But as we know, not everyone who wants to sit on the float in the parade can have a spot. Who are the most likely to keep their jobs as “Top 6” or “Bottom 6” players in either of Burke’s categories? Time to separate the wheat from the chaff…


Fancy Boys on the Float in the Parade (Vying for the Top 6)

Revving the engine: Nik Antropov, Niklas Hagman, Mikhail Grabovski and possibly Nikolai Kulemin.

Frosted tips and a popped collar: Matt Stajan, Lee Stempniak, Jason Blake and Alexei Ponikarovsky.

As we see it, those “Revving the Engine” of the parade float have a decent shot to stick around under Burke based on their inherent talents. Meanwhile their wannabe “Frosted Tips and a Popped Collar” teammates have a super chance to be traded at any moment – maybe even this week. Stempniak is the one exception in the latter category because of the fact he only just arrived. We also have a sneaking suspicion that Antropov may be on his way out as well, but not because he lacks in talent. That possibility will be dealt with further down.

The Plumbers (Scrapping for the Bottom 6)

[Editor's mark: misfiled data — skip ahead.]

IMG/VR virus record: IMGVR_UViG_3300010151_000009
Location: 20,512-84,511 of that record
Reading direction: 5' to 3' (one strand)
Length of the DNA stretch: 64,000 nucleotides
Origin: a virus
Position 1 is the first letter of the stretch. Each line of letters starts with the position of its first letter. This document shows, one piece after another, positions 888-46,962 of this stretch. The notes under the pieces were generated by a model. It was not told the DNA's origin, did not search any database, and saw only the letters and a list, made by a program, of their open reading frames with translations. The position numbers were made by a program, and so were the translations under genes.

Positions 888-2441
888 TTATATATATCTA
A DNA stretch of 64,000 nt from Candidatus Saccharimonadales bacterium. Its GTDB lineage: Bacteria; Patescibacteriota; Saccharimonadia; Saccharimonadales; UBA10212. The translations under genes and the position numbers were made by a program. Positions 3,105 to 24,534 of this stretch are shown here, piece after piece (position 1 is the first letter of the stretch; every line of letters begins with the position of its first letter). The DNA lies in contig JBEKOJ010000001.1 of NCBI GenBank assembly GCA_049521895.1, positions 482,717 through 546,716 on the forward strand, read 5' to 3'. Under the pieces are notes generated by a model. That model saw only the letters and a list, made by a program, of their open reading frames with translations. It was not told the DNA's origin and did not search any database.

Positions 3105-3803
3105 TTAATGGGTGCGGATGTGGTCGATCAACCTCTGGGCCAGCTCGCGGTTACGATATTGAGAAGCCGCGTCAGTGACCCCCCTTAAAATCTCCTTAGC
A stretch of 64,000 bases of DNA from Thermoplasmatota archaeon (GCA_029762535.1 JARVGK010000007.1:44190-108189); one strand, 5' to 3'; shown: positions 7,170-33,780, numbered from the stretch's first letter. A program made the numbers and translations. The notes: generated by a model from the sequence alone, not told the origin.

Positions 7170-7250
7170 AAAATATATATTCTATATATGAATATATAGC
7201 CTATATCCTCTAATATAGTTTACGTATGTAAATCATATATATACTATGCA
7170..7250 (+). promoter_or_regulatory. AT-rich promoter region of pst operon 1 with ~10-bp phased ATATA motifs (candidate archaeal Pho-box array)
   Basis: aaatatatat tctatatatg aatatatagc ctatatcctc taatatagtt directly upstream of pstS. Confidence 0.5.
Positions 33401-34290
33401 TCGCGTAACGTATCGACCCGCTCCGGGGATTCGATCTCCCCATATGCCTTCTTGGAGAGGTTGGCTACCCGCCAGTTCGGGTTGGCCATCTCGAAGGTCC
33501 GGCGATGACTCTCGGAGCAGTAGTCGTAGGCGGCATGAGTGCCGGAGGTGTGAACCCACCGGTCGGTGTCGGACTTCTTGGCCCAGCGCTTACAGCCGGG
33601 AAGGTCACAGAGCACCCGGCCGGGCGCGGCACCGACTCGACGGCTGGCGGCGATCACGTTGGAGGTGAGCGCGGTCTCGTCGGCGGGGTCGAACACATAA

Can lay pipe: Dominic Moore and John Mitchell

Not likely to unclog my toilet: Jamal Mayers and Ryan Hollweg

Currently in college trying to get certified plumber status: Andre Devaux

Moore and Mitchell have both been very solid players for the Leafs this year and are the kind of teammates you want on your side when going into battle. Hollweg is a giant douchebag liability and needs to be disposed of. Meanwhile, Devaux is an unknown commodity at this point in time.

I expect that after seeing the Leafs get physically abused by the Sharks that Burke will be looking to bring in some new reinforcement Plumbers as soon as possible to try to turn around the team toughness and culture.


SECTION II – DEFENSEMEN